Lifestyle and home remedies
Humidifiers can provide soothing relief of dry skin, asthma and other conditions during the winter months. But don't let yours become a household health hazard.
Think getting by on a few hours of sleep is no big deal? Think again.
Fatigue can signal many things. Here are some tips to help you decipher why you're wiped out and to regain your energy.
Most headaches aren't caused by a serious illness, but some could be a sign of a life-threatening condition.
Runny nose: What's causing your sniffles?
Foot pain? Headache? Sore throat? Skin rash? Use the Symptom Checker to find out what's causing your symptom.
Tearing that goes beyond a happy or sad moment can stem from a variety of causes, from hay fever to more serious conditions.
Treatments and drugs
April 17, 2013
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- Kliegman RM, et al. Nelson Textbook of Pediatrics. 19th ed. Philadelphia, Pa.: Saunders Elsevier; 2011. http://www.mdconsult.com/das/book/body/208746819-6/0/1608/0.html. Accessed Jan. 9, 2013.
- Get set for winter illness season. U.S. Food and Drug Administration. http://www.fda.gov/forconsumers/consumerupdates/ucm092805.htm. Accessed Jan. 9, 2013.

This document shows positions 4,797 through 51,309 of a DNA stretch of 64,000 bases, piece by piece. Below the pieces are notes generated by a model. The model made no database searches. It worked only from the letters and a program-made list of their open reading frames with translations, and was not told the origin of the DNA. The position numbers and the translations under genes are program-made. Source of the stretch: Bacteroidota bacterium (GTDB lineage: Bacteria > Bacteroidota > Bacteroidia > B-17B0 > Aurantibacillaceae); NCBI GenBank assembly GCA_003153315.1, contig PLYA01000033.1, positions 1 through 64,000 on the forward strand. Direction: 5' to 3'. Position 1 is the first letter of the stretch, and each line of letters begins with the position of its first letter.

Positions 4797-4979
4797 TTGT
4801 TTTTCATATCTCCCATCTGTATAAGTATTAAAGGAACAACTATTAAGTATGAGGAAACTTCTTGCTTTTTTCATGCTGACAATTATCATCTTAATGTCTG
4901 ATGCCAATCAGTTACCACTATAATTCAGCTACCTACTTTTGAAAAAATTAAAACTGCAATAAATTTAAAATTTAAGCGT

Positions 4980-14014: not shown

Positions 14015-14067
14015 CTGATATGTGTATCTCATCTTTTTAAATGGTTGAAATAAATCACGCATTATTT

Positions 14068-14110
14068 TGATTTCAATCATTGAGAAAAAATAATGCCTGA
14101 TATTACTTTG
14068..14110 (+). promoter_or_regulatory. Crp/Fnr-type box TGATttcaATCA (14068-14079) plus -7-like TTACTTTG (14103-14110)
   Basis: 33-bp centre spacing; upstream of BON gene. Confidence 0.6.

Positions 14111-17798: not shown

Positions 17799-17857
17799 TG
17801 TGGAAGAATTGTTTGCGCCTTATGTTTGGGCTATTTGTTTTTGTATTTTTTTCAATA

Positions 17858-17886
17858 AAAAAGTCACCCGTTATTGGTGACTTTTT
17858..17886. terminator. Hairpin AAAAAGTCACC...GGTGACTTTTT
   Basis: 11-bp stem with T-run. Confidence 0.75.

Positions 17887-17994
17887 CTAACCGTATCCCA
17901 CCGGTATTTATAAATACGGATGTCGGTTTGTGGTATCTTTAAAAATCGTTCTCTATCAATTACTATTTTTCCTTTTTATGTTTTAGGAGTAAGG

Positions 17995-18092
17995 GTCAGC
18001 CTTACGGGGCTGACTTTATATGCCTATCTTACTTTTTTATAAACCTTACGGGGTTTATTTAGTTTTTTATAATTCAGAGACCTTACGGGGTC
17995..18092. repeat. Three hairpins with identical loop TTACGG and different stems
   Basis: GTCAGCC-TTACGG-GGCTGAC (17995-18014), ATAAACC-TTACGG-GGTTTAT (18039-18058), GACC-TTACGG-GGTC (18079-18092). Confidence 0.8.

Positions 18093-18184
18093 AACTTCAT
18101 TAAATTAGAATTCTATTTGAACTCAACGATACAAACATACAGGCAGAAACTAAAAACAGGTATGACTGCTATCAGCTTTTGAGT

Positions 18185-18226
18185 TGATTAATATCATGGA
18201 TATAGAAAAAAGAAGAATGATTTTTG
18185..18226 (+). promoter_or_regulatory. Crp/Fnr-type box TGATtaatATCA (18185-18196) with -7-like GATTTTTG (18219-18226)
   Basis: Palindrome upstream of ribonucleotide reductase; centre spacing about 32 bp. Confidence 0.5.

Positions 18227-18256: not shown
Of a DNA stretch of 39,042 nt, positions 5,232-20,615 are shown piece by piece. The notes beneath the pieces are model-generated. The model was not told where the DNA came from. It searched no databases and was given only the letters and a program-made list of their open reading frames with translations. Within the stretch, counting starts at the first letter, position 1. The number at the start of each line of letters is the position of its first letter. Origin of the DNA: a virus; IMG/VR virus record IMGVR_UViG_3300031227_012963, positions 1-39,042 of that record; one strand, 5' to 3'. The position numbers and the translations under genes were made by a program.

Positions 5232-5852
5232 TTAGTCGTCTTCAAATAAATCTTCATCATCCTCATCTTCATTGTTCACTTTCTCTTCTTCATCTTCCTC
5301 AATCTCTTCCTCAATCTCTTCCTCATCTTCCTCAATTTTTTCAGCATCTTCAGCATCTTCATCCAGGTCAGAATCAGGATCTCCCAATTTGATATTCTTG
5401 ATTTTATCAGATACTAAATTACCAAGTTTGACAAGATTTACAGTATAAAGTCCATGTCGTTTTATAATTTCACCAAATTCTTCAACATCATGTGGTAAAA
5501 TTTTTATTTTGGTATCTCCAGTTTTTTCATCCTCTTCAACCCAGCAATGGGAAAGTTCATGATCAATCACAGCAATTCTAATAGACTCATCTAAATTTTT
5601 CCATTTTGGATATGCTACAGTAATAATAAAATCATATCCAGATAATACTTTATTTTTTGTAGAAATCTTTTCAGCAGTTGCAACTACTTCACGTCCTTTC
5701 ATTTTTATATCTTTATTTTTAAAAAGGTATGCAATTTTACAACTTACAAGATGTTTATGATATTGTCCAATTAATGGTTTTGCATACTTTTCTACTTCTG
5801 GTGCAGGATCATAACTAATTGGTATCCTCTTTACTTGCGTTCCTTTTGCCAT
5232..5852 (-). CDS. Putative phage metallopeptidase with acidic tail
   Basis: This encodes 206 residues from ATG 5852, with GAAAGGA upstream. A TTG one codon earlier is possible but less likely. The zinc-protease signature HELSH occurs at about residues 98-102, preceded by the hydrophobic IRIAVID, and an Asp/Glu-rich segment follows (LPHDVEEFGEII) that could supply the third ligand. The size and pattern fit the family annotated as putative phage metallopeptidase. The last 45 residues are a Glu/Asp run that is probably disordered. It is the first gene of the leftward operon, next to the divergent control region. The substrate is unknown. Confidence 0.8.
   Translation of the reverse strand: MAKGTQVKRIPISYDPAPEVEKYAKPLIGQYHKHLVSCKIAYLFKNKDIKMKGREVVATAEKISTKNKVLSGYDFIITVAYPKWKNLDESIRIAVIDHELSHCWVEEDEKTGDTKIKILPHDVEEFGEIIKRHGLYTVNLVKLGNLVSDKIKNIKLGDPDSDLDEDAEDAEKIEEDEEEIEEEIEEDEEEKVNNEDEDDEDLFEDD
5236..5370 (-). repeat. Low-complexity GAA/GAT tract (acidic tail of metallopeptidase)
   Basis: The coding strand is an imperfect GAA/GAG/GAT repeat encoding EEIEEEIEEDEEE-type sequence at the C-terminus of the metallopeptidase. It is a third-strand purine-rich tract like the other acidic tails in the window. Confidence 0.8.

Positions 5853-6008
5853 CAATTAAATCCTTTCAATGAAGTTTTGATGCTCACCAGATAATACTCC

- Stopping the spread of germs at home, work and school. Centers for Disease Control and Prevention. http://www.cdc.gov/flu/protect/stopgerms.htm. Accessed Jan. 9, 2013.
- Pappas DE, et al. The common cold in children: Treatment and prevention. http://www.uptodate.com/home. Accessed Jan. 9, 2013.
- Dykewicz MS, et al. Rhinitis and sinusitis. Journal of Allergy and Clinical Immunology. 2010;125:S103.
- Public health advisory: FDA recommends that over-the-counter (OTC) cough and cold products not be used for infants and children under 2 years of age. U.S. Food and Drug Administration. http://www.fda.gov/drugs/drugsafety/postmarketdrugsafetyinformationforpatientsandproviders/drugsafetyinformationforheathcareprofessionals/publichealthadvisories/ucm051137.htm. Accessed Jan. 9, 2013.
- What to do in a medical emergency: Fever. American College of Emergency Physicians. http://www.emergencycareforyou.org/EmergencyManual/WhatToDoInMedicalEmergency/Default.aspx?id=242&terms=fever. Accessed Jan. 9, 2013.
- Sexton DJ, et al. The common cold in adults: Treatment and prevention. http://www.uptodate.com/home. Accessed Jan. 9, 2013.
- Linde K, et al. Echinacea for preventing and treating the common cold. Cochrane Database of Systematic Reviews. http://onlinelibrary.wiley.com/doi/10.1002/14651858.CD000530.pub2/abstract. Accessed Jan. 10, 2013.
- Singh D, et al. Zinc for the common cold. Cochrane Database of Systematic Reviews. http://onlinelibrary.wiley.com/doi/10.1002/14651858.CD001364.pub3/abstract. Accessed Jan. 10, 2013.
- The flu, the common cold and complementary health practices. National Center for Complementary and Alternative Medicine. http://nccam.nih.gov/health/flu/ataglance.htm. Accessed Jan. 9, 2013.
- When to call the pediatrician: Fever. American Academy of Pediatrics. http://www.healthychildren.org/English/health-issues/conditions/fever/pages/When-to-Call-the-Pediatrician.aspx. Accessed Jan. 11, 2013.
- Steckelberg JM (expert opinion). Mayo Clinic, Rochester, Minn. Jan. 11, 2013.
- Sullivan JE, et al. Clinical report: Fever and antipyretic use in children. Pediatrics. 2011;127:580.